Now if $A\subseteq\mathbb{N}$, define $$S_A=f(\omega^\omega+1)\cup\bigcup_{\operatorname{rank}(\alpha)\in A}I_\alpha.$$ Less formally speaking, we construct $S_A$ by taking the image of the map $f$ and adding a small interval to the right of every point whose rank is in $A$. It is easy to see that each $S_A$ is closed; I claim that we can recover the set $A$ from the homeomorphism type of $S_A$, so $S_A\cong S_B$ implies $A=B$. Indeed, consider the quotient space of $S_A$ obtained by collapsing each connected component of $S_A$ to a point. It is easy to see that this quotient space can be identified with $\omega^\omega+1$, with the quotient map $q:S_A\to\omega^\omega+1$ given by the inverse of $f$ on $f(\omega^\omega+1)$ and $q(x)=\alpha$ if $x\in I_\alpha$. Thus the preimage of an ordinal $\alpha$ under the map $q$ is a just $\{f(\alpha)\}$ if $\operatorname{rank}(\alpha)\not\in A$, and is the entire interval $I_\alpha$ if $\operatorname{rank}(\alpha)\in A$. Thus a natural number $n$ is in $A$ iff there exists a point of rank $n$ in $\omega^\omega+1$ whose inverse image under $q$ has more than one point. Since the rank of an element of $\omega^\omega+1$ can be defined purely topologically (as the Cantor-Bendixson rank), this is a description of the set $A$ using only the topological structure of $S_A$.

Thus for each subset $A$ of $\mathbb{N}$, we have given a closed subset $S_A$ of $\mathbb{R}$, such that different sets give non-homeomorphic closed subsets. Thus there are $2^{\aleph_0}$ non-homeomorphic closed subsets of $\mathbb{R}$.

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  • $\begingroup$ Can't you get $2^{\aleph_0}$ non-homeomorphic nowhere dense closed subsets of $\mathbb R$ by using Cantor sets instead of intervals? $\endgroup$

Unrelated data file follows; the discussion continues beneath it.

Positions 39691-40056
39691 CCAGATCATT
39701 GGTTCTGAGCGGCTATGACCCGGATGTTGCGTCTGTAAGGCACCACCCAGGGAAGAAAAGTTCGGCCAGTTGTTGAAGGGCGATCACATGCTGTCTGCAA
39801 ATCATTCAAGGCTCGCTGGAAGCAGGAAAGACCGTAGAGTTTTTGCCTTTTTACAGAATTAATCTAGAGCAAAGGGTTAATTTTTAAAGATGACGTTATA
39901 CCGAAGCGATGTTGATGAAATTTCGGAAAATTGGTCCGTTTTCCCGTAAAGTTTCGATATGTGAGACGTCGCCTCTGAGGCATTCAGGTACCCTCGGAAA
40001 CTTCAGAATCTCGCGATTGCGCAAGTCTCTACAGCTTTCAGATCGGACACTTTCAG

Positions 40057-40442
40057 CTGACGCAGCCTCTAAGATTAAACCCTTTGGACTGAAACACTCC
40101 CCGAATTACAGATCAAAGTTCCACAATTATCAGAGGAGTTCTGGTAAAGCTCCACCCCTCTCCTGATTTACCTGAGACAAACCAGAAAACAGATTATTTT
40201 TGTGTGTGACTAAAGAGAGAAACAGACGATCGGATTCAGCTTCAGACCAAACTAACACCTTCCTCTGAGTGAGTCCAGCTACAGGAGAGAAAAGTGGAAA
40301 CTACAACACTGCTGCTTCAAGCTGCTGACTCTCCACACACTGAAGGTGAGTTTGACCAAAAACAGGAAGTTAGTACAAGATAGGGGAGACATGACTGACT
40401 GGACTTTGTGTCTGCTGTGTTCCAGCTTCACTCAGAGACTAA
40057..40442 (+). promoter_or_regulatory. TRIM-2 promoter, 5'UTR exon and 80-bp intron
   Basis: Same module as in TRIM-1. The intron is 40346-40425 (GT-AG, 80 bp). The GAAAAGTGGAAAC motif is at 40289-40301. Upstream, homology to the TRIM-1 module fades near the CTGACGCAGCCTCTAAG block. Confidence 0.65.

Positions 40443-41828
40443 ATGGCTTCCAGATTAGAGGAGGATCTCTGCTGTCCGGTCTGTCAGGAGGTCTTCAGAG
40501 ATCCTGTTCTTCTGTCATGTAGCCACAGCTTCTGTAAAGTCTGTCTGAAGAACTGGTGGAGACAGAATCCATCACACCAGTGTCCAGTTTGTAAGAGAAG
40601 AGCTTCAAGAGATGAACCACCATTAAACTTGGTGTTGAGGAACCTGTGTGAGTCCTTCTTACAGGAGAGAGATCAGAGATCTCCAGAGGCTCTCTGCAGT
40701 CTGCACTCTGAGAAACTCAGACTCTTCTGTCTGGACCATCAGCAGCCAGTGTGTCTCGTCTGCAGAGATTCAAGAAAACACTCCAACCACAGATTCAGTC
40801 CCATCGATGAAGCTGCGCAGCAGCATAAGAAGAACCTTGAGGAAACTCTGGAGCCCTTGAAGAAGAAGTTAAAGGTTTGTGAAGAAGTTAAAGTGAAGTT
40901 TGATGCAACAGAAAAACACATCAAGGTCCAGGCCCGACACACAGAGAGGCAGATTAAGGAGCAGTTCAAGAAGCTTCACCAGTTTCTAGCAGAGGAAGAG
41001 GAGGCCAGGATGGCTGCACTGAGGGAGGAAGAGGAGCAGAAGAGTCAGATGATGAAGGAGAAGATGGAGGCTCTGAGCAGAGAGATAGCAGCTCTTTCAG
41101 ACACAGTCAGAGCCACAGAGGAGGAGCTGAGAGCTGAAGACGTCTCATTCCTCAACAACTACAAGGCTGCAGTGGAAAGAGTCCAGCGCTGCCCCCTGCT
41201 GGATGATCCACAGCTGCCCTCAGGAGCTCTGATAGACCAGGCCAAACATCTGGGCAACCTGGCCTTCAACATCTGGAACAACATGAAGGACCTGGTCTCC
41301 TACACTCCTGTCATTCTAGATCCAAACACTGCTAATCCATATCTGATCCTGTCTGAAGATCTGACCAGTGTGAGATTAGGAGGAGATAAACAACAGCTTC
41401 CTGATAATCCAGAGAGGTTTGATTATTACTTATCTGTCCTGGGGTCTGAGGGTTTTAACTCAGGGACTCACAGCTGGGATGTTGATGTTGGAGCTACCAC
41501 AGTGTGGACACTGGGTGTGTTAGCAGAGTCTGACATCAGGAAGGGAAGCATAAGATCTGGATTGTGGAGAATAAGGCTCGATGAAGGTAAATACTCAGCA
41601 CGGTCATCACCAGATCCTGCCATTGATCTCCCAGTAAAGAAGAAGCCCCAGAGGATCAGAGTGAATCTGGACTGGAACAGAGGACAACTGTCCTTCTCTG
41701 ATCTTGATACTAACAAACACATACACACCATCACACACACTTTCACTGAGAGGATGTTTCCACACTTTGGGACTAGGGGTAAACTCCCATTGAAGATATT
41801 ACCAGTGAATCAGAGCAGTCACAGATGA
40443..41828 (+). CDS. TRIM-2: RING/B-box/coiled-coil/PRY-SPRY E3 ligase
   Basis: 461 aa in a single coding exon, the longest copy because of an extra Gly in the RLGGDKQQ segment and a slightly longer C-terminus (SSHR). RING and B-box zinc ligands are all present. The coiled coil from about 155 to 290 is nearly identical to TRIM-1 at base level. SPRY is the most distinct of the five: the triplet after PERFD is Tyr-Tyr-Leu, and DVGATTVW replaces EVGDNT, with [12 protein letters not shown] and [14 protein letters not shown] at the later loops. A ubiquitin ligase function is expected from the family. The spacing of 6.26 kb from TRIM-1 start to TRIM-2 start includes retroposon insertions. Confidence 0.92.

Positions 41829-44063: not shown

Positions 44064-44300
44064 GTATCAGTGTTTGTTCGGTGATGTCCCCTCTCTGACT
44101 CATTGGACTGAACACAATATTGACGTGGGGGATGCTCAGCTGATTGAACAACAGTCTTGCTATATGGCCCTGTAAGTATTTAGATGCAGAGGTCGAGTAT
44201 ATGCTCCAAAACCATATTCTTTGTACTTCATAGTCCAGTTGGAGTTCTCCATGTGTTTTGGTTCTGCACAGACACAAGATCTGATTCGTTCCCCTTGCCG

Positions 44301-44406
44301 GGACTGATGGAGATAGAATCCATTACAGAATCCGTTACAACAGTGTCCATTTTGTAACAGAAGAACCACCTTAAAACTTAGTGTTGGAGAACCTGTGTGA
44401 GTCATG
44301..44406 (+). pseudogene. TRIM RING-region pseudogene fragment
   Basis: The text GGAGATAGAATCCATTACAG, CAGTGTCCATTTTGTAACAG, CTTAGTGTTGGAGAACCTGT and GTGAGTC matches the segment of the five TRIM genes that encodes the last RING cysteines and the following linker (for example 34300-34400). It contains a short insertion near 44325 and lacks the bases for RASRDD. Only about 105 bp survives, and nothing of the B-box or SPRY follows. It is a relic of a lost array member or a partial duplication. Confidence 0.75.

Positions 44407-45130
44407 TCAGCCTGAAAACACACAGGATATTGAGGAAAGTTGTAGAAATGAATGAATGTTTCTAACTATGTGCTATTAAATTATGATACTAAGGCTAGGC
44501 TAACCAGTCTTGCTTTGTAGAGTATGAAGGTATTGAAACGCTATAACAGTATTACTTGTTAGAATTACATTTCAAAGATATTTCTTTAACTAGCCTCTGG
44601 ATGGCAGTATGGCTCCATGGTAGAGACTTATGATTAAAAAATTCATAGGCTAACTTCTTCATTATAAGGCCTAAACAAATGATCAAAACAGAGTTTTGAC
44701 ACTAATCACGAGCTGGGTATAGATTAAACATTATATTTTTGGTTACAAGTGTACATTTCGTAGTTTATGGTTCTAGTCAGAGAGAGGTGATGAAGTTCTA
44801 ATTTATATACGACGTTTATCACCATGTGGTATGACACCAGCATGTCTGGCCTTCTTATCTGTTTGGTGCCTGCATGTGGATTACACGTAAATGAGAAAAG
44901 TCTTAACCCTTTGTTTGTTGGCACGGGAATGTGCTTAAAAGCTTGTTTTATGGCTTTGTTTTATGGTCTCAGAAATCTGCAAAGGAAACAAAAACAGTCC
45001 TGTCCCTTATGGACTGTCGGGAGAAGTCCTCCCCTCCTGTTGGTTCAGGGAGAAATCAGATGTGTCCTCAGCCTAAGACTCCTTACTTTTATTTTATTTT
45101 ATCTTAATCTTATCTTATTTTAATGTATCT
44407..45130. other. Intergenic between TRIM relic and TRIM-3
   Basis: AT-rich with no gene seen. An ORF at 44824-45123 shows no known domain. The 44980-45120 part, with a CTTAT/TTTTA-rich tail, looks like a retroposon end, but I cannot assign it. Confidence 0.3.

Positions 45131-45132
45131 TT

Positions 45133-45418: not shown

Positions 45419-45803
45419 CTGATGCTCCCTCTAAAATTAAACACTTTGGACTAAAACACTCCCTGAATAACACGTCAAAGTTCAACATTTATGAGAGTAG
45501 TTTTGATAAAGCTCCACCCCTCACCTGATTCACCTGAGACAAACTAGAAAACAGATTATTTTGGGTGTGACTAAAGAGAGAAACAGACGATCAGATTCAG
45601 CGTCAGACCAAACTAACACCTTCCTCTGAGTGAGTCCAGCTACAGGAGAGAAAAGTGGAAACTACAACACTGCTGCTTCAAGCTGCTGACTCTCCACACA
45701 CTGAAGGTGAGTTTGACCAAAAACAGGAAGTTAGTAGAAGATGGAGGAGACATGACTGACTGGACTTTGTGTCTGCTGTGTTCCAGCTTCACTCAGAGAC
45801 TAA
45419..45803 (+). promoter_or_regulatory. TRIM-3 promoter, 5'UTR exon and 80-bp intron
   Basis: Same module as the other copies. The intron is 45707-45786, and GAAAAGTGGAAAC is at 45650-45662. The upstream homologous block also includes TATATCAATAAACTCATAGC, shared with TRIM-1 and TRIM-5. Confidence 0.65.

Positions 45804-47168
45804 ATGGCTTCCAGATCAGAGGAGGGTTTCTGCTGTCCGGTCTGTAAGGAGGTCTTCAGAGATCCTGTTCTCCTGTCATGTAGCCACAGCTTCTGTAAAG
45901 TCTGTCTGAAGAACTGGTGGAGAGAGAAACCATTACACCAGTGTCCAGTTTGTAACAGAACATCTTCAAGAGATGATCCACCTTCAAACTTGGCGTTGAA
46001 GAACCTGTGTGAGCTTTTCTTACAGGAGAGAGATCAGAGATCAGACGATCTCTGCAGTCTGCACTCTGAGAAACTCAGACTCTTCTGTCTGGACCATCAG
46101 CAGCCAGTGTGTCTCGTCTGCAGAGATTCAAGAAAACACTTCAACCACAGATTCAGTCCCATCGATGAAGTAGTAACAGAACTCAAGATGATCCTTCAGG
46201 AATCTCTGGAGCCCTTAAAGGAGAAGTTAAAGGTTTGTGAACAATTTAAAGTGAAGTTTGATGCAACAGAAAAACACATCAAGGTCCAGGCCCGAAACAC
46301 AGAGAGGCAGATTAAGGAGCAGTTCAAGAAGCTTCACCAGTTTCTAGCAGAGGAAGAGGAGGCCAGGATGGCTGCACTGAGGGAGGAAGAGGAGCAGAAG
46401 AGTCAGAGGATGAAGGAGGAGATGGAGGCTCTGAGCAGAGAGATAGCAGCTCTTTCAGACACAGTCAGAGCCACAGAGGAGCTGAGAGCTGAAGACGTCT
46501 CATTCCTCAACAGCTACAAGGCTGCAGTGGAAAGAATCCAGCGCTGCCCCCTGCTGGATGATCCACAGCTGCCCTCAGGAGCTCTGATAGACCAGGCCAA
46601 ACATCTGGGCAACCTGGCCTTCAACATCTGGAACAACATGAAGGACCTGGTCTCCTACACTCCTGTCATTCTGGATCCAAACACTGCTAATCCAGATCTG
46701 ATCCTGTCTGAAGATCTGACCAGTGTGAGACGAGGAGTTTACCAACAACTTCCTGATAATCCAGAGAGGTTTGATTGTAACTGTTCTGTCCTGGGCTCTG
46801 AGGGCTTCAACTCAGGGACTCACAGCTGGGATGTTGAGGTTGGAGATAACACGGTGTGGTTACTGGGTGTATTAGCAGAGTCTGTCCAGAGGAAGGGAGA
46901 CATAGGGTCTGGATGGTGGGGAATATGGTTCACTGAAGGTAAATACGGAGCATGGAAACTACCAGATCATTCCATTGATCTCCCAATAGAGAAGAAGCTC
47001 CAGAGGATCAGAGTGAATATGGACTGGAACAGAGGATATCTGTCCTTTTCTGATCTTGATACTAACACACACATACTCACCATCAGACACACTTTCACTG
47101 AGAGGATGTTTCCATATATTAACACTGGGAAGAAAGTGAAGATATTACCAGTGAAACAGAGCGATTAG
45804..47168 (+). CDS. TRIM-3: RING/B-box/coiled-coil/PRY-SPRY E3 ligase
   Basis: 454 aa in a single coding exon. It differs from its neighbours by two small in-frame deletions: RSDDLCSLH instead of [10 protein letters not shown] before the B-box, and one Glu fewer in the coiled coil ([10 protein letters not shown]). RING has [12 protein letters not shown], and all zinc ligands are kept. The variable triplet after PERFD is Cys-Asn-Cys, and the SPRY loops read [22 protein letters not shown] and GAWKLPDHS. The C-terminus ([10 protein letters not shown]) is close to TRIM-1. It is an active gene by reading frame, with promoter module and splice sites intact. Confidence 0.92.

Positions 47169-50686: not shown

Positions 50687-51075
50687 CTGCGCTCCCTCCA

– bof
    Jan 7, 2016 at 10:20
  • $\begingroup$ For any two Cantor sets $C_1,C_2 \subset \mathbb{R}$ there exists a homeomorphism $f : \mathbb{R} \to \mathbb{R}$ such that $f(C_1)=C_2$. So no, you cannot get that @bof. $\endgroup$
    – Lee Mosher
    Jan 7, 2016 at 15:55
  • $\begingroup$ @LeeMosher: bof was suggesting replacing the intervals $I_\alpha$ with Cantor sets in my construction. It is not obvious then whether the spaces $S_A$ would still be non-homeomorphic, however, because it seems that the quotient map $S_A\to \omega^\omega+1$ cannot be canonically defined. $\endgroup$ Jan 7, 2016 at 19:02
  • $\begingroup$ Is there anywhere that I can find sources to understand this answer? I don't want to accept something that I don't understand. $\endgroup$ Jan 8, 2016 at 2:41
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    $\begingroup$ What parts in particular don't you understand? (Also, you may find it easier to understand bof's answer instead, as it is somewhat simpler.) $\endgroup$ Jan 8, 2016 at 2:50
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Inasmuch as there are just $2^{\aleph_0}$ closed subsets of $\mathbb R$ all told, it will suffice to exhibit $2^{\aleph_0}$ nonhomeomorphic nowhere dense closed subsets of $\mathbb R.$

For $S\subseteq\mathbb R$ and $n\in\omega$ let $S^{(n)}$ denote the $n^{\text{th}}$ Cantor-Bendixson derivative of $S,$ i.e., $S^{(0)}=S,\ S^{(1)}=S',\ S^{(n+1)}=(S^{(n)})'.$

For $X\subseteq\mathbb R$ let $A(X)$ denote the set of all positive integers $n$ for which there exists a relatively open set $U\subseteq X$ such that $S^{(n-1)}\cap U\ne S^{(n)}\cap U=S^{(n+1)}\cap U\ne\emptyset.$

It will suffice to show that, for every set $A$ of positive integers, there is a nowhere dense closed set $X\subseteq R$ with $A(X)=A;$ in fact, it will suffice to show this for a one-point set $A=\{n\}$ where $n$ is a positive integer.

Given a positive integer $n,$ construct a closed set $X\subseteq\mathbb R$ of order type $\omega^n+\varphi$ where $\varphi$ is the order type of the Cantor set; then $A(X)=\{n\}.$